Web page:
This weekend was a great weekend for me. The two hours where I watched Atlas Shrugged Part One completely overwhelmed anything else that I did. I promised my listeners a review and this is my reluctant review. Reluctant, not due to a lack of excitement, more due to a fear that I will be unable to do the movie the justice that it deserves.
A review I read by Jack Hunter called Atlas Shrugged Part One “one of the best mediocre movies you’ll ever see”. If you have not read the book and simply want to see a “blow-em-up” movie, this is not the film for you. If you have not read the book but are an activist for capitalism, this could be your kind of movie. In other words, this is not a “date movie”, not a “chick flick”, and I doubt that Michael Moore will be singing the praises of this movie any time soon.
If you read the book by Ayn Rand and loved it, you will love this movie. I will start my opinion, although there may be some spoilers…
A review that I read railed the creator of this film for using “no-name actors“. Although Angelina Jolie and Charlize Theron may have been “wooed” for the role of Dagny Taggart, Taylor Schilling did a great job. Also I didn’t think of other roles she had played while I was watching the film. The character of Dagny was written as a highly confident being, confident due to her own intelligence, drive, and dedication. She is portrayed as a great human being. Great human beings employ their intellectual ability to create the values on which human life depends. Dagny is written as a character that is cold and aloof to the average looter and Taylor Schilling plays this part well.
Some of the secondary actors were mediocre in their portrayals, but that simply means they didn’t match the character I had in my mind.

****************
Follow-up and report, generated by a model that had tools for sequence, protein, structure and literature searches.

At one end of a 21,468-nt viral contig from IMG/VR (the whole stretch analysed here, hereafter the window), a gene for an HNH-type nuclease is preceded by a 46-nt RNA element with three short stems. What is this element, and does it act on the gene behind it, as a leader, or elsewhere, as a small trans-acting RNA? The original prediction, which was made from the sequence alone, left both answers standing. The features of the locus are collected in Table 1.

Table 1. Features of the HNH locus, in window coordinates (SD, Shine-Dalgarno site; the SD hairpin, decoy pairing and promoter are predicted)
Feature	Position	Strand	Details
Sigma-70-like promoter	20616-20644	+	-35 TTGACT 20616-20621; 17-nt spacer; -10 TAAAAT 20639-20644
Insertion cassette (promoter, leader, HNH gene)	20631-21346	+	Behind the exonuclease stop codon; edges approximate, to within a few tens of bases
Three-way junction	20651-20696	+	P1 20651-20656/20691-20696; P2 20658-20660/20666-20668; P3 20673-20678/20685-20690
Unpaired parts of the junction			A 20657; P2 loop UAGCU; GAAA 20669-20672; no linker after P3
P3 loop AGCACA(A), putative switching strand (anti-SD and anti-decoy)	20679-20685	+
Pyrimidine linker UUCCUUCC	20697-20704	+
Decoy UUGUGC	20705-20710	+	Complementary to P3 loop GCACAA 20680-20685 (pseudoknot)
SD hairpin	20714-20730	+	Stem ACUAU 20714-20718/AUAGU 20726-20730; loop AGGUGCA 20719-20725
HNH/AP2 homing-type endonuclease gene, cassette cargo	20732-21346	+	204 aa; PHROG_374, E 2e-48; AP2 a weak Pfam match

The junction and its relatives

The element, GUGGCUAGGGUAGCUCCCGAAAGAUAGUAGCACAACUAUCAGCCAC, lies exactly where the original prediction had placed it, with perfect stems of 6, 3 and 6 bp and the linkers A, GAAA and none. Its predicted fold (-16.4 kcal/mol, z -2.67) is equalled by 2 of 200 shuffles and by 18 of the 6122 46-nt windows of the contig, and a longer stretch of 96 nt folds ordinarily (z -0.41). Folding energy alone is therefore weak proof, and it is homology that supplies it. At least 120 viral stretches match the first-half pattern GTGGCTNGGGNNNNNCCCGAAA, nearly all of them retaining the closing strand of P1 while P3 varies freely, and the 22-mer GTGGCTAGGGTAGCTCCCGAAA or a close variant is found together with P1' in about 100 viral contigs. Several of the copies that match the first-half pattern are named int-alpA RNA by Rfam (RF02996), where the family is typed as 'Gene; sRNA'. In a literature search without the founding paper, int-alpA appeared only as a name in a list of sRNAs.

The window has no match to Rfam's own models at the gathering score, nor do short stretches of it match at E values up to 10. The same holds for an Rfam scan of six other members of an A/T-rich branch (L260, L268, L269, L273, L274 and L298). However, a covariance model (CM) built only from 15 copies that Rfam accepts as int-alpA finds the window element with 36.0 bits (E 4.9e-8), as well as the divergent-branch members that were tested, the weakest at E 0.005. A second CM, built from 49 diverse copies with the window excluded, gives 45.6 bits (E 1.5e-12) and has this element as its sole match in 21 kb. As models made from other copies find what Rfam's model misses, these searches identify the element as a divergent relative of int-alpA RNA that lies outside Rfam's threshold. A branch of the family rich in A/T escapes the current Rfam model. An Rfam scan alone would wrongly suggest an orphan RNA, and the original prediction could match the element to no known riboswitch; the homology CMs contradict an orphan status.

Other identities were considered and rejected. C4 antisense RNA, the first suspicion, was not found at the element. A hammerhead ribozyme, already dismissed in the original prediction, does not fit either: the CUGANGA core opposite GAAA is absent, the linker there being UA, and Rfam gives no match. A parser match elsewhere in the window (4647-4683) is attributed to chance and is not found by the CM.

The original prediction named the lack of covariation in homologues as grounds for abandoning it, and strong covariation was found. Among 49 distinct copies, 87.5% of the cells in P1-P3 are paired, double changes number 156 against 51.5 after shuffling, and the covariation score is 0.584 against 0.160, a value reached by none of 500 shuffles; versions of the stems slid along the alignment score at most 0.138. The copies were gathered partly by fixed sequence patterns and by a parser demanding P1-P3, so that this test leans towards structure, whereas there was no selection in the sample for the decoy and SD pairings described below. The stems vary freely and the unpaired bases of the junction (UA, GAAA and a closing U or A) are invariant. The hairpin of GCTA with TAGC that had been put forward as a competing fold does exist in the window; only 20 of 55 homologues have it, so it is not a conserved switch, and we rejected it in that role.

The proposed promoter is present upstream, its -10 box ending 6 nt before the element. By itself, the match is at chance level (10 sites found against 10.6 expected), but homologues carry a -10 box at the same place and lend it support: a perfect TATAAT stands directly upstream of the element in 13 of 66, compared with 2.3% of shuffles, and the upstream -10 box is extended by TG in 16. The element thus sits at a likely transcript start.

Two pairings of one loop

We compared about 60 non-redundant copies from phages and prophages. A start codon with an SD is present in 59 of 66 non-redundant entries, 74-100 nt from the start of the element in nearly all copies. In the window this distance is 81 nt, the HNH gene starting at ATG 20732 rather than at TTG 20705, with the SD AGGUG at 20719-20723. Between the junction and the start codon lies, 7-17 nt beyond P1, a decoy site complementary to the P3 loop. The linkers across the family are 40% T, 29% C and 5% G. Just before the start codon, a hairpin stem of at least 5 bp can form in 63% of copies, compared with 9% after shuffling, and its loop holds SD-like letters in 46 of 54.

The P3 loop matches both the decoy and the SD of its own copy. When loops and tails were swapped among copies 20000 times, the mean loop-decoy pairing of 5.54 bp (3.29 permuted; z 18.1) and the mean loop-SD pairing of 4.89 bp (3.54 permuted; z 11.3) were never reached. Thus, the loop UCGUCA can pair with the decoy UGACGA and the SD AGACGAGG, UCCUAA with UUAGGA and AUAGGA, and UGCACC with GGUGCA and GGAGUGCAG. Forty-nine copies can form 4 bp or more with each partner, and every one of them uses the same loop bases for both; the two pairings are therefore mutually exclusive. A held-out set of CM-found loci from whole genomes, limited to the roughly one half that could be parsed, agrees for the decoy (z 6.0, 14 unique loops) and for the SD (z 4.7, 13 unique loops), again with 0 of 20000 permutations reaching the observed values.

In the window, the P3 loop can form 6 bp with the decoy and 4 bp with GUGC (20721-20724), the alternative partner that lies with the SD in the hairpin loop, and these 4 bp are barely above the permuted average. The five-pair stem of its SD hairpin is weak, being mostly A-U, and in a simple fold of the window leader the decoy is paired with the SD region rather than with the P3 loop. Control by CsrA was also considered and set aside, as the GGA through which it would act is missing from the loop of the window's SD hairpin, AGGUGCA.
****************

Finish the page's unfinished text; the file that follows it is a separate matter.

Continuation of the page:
Some other things which were going through my mind as I watched this film? Well, the main one was sadness. I wasn’t sad because of the state of the movie, I was sad because of the state of the world in which this movie takes place. As I saw the occasional “dazzling” smile as a result of a job well done, all I could do was think of the despair which would soon consume this society. As I watched legislation overpower business, as I watched states taxed for their underprivileged neighbors, as I watched all incentive for people to work hard be eliminated incrementally it was all I could do to keep from screaming at the screen: “It’s only going to get worse! This is just the beginning!”
When I left the theater I was quiet, truly quiet, for some time. My mind kept replaying the anguished scream of Dagny Taggart (one which a companion of mine mocked but it brought tears to my eyes). When reading a fictional book it is easy to become engrossed. You build the character in your mind and you associate the philosophy to the aspects of life you deem appropriate. When a good movie is made from that fictional book you immediately transfer actions and philosophy from that book to the new image of the character you now have. When I heard that scream from Dagny Taggart (Taylor Schilling), a scream filled with raw pain and frustration, I was unsure whether I would be able to watch the second film in public. I will have a difficult time watching the world beat up on the movers, that is sure.
My final statements?
Watch the movie, read the book, do it in whichever order you feel necessary, but do it all the same.
Products I want to see (as capitalists they should totally go there):
The cigarettes, you know the ones:
He produced a package of cigarettes and extended it to her […] It was a plain white package that bore, as a single imprint, the sign of the dollar […] There was no printing on the package, no trade name, no address, only the dollar sign stamped in gold. The cigarettes bore the same sign.
I would love a pack of those…
The bracelet symbolizes the value created by Hank Rearden’s long struggle to invent Rearden metal. When he gives it to Lillian Rearden as a present she says, “It’s fully as valuable as a piece of railroad rails.” However, Lillian fully grasps the significance of the gift; her snide remark is her way of denigrating her husband’s ethos.
Lillian wears this bracelet at a party thrown on her anniversary. She makes fun of it all night long, and when Dagny Taggart hears Lillian say she would gladly trade it for a common diamond bracelet, Dagny takes her up on it.
All in all, I liked the book better, the movie was a bit rushed (believe it or not). However the movie was rushed due to necessity and short attention spans (be honest, you have one). I will be purchasing the movie on DVD as soon as it is out, but the book will still hold a higher place in my heart.